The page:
Monday, July 21, 2008

Too Big To Fail

as American debts swell and foreigners hold more of it, nervousness grows that, some day, this arrangement will end badly. The dollar has been declining in value against other currencies. Some foreigners have begun to hedge their bets by buying more euros. “Obviously, this is going to come to an end,” Mr. Schiff said. “Foreigners are not charitable organizations, and they’re going to demand that we pay them back.”

No single country owning large amounts of dollar-based investments is inclined to dump them abruptly; nobody aims to start a panic. But fears have begun to grow that one day a country may get spooked that another is about to dump its dollars — and that could trigger pre-emptive panic selling.

“Foreigners could decide it’s just not worth the risk and sell,” says Andrew Tilton, an economist at Goldman Sachs. “The really dire scenarios have become a lot more likely than they were a year or two ago.”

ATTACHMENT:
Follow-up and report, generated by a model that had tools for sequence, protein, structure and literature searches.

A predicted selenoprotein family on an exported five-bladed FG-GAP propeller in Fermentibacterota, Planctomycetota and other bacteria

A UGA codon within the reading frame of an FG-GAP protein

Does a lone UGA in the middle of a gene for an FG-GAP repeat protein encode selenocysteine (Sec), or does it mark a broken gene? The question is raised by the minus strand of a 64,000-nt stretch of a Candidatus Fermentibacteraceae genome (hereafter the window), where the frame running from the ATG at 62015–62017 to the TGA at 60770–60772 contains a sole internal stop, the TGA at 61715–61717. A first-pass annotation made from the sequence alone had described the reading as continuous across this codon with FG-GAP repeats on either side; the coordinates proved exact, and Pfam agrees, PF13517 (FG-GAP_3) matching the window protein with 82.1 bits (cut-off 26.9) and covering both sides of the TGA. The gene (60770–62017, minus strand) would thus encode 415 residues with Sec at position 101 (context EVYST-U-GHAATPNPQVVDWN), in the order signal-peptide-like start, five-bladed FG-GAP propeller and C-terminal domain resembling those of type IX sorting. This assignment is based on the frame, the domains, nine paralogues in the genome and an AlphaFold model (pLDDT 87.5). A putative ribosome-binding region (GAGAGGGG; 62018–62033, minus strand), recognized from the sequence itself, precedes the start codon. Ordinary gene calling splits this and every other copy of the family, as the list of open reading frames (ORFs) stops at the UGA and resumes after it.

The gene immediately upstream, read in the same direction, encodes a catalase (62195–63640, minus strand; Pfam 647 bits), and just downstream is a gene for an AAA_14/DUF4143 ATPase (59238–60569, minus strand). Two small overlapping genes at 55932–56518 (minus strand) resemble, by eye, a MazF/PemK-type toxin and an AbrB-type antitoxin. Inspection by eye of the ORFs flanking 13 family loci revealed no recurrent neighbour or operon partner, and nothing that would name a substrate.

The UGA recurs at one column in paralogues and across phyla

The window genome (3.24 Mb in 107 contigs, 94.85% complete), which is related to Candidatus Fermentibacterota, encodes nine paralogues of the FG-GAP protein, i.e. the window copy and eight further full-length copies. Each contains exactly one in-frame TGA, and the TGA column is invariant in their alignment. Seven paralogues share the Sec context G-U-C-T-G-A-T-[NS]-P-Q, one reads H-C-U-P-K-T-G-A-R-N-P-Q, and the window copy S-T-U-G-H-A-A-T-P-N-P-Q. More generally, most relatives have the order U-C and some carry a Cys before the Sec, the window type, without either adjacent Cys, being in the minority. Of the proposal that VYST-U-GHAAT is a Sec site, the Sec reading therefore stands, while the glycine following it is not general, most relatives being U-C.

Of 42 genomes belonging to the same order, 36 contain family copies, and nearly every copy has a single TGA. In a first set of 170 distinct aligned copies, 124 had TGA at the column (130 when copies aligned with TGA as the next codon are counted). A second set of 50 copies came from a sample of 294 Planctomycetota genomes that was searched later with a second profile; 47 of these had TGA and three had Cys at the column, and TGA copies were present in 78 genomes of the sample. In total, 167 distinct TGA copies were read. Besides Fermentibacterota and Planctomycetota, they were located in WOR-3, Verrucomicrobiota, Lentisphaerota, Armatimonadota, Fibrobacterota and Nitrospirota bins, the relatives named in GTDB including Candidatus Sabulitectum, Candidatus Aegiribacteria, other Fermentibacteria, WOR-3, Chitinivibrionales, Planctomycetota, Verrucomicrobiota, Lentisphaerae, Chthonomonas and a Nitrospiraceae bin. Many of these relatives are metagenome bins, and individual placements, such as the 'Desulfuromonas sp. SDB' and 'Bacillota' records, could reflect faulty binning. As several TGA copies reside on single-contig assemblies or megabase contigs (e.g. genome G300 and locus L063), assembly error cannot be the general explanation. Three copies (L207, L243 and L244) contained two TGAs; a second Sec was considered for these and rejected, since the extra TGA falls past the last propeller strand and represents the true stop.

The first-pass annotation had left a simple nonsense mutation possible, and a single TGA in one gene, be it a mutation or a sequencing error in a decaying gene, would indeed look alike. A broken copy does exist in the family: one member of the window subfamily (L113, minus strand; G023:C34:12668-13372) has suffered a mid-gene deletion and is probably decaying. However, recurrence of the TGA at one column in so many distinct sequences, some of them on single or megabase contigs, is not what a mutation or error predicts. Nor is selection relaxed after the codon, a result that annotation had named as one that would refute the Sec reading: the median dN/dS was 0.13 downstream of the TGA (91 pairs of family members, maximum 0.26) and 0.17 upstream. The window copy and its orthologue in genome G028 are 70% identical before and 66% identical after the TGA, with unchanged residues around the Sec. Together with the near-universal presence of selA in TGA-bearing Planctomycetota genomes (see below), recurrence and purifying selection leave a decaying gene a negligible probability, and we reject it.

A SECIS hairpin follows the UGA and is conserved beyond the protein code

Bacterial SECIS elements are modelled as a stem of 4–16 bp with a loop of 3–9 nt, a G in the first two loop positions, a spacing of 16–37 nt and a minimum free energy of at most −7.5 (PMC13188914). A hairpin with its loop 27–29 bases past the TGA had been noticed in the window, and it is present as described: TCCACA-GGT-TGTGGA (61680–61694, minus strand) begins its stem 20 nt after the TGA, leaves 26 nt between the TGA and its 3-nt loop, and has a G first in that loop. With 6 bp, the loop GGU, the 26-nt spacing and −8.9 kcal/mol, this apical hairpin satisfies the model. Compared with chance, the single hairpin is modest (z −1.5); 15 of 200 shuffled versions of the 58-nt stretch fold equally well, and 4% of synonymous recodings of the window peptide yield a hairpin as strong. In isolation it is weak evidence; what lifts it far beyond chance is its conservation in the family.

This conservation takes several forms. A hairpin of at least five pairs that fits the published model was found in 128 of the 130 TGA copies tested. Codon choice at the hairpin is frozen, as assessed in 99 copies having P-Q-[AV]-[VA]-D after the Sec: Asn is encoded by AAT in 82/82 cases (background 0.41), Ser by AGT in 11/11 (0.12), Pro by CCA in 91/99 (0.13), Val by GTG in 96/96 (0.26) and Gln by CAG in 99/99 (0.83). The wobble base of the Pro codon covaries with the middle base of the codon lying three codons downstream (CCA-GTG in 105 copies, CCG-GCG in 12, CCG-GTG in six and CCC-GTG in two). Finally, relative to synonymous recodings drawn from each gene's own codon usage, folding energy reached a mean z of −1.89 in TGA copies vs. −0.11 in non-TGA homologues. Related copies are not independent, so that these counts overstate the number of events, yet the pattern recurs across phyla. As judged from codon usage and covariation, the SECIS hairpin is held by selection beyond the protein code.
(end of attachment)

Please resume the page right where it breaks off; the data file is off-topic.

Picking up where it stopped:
Still, as Mr. Tilton and others are aware, one fundamental reality continues to offer assurances that foreigners will still buy American debt:

In the global economy of the moment, the United States itself is too big to fail.

The logic for that assurance goes like this:

The American consumer has for decades served as the engine of world commerce, using borrowed cash to snap up the accoutrements of modern living — clothes and computers and cars now manufactured, in whole or in part, in factories from Asia to Latin America. Eliminate the American wherewithal to shop, and the pain would ripple out to multiple shores.
In which the Freddie and Fannie bailouts serve as a metaphor for the economic house of cards built on a foundation of international meringue sustaining the dollar....., in y'day's NYTimes week in review.